Academic journal article Journal of Research in Gender Studies

Food and Cultural Concerns: An Alephic Reading of Laura Esquivel's like Water for Chocolate

Academic journal article Journal of Research in Gender Studies

Food and Cultural Concerns: An Alephic Reading of Laura Esquivel's like Water for Chocolate

Article excerpt

The Quest for Definitions

If sex is seen as a biological dimension that involves anatomy, hormones, and physiology, then gender should have a social coordinate that implies psychological, cultural, and social means. Of course I refer to gender as a routine, methodical, and recurring accomplishment. In other words, these particular pursuits are expressions of masculine and feminine "natures." In this paradigm each of the two genders has a predetermining chapter to fulfill in the society, they are both prepared since early childhood to accomplish their role - although gender studies do not always agree with this terminology, I will gladly adopt and use it only while referring to Laura Esquivel's message, considering that I owe this to the very core of the novel.

By a pretty long usage, the term gender proves not to be that useful as it created a too large semantically covered area: 'gender is no longer an aggregation of static attributes, but is concerned with investigating and displaying the peculiarities of women and interpreting them as genderspecific, or gender-typical attributes so to reveal the asymmetry of the differences between the sexes, to criticize it and to make it politically visible.'1 If for a widely-respected researcher, Goffman, gender is a socially scripted dramatization of the culture's idealization of feminine and masculine natures, I intent to reduce the unpleasant effect of these severe critics.

I decided though to follow the term doing gender, while talking about the feministic side of my research, because it is the most suitable for my approach on this particular novel. I am not in the favor of the theory that segregates men and women, as I cannot consider this dichotomy widely spread into the human society, as long as both these belligerents still manifest a badly need for the other gender in spite of all combats they let themselves into. I do not separate men and women into two worlds, two universes, and two planets because they prove to have two different types of behavior (because they have two different types of education, perception, manifestations, group interaction, expectations, institutional settings, etc.).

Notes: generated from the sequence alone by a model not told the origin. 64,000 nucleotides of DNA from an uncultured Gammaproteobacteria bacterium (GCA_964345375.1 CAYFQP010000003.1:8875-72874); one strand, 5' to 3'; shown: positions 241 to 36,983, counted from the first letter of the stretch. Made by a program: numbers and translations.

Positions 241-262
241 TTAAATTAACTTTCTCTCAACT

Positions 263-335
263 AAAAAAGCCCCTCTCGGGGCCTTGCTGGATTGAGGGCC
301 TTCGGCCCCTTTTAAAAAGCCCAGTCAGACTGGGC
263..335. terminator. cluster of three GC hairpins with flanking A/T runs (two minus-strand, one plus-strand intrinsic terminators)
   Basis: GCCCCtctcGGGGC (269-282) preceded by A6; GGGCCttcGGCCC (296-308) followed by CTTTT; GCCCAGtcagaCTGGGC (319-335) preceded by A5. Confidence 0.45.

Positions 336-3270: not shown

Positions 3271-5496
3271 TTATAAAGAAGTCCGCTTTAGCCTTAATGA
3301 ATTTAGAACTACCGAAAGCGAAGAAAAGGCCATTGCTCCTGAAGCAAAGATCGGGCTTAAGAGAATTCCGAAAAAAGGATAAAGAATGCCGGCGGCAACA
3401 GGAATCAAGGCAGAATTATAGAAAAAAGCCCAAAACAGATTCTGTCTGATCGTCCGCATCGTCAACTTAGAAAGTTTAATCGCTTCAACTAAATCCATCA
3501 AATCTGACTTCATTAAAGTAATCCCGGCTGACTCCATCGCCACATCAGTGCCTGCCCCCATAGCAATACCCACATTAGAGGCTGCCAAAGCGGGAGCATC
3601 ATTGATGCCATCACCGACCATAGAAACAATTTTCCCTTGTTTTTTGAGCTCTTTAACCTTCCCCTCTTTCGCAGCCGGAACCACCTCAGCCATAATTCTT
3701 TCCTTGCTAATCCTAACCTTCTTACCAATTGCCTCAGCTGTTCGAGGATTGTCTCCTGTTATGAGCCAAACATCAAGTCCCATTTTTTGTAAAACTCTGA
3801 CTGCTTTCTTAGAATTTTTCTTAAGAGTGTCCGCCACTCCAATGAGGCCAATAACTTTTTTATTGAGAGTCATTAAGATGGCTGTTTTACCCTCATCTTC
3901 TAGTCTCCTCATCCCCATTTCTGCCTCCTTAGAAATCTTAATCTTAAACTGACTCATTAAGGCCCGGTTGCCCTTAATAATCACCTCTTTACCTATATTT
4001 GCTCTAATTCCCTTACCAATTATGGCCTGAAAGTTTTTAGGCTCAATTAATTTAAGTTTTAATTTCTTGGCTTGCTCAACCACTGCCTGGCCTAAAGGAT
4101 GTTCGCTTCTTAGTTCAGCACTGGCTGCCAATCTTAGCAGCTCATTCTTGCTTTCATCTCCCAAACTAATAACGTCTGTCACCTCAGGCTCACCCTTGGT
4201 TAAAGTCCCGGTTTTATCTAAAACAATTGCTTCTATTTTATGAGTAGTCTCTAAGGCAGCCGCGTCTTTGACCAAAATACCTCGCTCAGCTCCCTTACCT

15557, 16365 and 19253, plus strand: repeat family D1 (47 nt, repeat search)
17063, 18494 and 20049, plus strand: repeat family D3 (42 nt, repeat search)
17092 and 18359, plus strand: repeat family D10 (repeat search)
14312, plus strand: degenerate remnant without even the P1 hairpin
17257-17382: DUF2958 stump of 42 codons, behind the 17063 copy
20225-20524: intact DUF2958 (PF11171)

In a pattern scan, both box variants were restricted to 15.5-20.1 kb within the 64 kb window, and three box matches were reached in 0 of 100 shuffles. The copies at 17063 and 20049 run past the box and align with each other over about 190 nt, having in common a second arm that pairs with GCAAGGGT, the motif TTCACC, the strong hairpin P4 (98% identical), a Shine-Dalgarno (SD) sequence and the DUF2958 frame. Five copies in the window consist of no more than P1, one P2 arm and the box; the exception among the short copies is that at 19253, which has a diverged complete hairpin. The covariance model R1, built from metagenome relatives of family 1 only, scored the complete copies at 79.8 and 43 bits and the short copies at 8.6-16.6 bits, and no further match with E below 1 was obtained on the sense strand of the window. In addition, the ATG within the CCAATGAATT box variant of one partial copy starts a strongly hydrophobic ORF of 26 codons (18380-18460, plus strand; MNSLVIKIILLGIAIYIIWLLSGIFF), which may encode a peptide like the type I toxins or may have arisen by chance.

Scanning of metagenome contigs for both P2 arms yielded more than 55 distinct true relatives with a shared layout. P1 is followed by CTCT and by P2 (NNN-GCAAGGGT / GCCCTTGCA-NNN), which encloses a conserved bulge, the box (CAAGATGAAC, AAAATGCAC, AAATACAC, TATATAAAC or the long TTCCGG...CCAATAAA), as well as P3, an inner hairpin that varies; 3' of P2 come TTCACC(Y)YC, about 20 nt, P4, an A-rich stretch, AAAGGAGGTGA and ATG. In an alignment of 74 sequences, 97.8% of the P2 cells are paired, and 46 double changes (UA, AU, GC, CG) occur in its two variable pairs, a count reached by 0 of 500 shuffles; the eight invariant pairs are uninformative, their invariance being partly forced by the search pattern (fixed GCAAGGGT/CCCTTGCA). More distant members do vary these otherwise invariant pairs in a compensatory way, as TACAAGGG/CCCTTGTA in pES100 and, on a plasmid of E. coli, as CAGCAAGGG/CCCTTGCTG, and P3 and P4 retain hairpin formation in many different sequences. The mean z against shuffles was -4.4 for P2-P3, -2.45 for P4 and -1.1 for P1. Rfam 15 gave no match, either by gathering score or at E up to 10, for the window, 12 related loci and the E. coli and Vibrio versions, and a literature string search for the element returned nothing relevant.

The huge disagreement already proved and set as an axiomatic truth is arguable within the same gender as well, when operating with classifications such as social class, education, ethnicity, profession, ideology, religion. On the contrary, men and women seen as a homogenous part of the same society in which every single individual (man or woman), tries to establish a distinctive role to each one of them.

After quite a close and patient look on the latest studies on genderspecific behavior I reached the conclusion that they are not only disagreeing in almost every single aspect, but they are also to a huge extent identifiable to their authors, to that extent that they become not a theoretical approach that can be generalized to any other human experience, but a subjective page in one's contextual diary. Of course the cliché is either strongly present or violently contradicted: women reflect their conservatism, insecurity, solidarity, whereas men are characterized by toughness, competitiveness, sense of hierarchy and control, unable of long term affection, etc. As a suppressed minority, women saw men as creators of a world reflecting their androcentric structures of a wrong patriarchal society that "discriminate, disregard, and incapacitate women."2

A Word or Two on the Alephic Reading

The lack of superlatives would be absolutely sinful for an exalted discourse like mine, although I am aware of the weakening of the meaning. Reading is an intimate process; it requires rituals and a strong subjective relationship with the text. Basically the Alephic act of receiving a literary text is in fact a story about the reader, his or her aesthetic experiences, the relations a reader establishes between his act of reading and previous ones, between his act of reading and movies, music, or any other artistic experience. …

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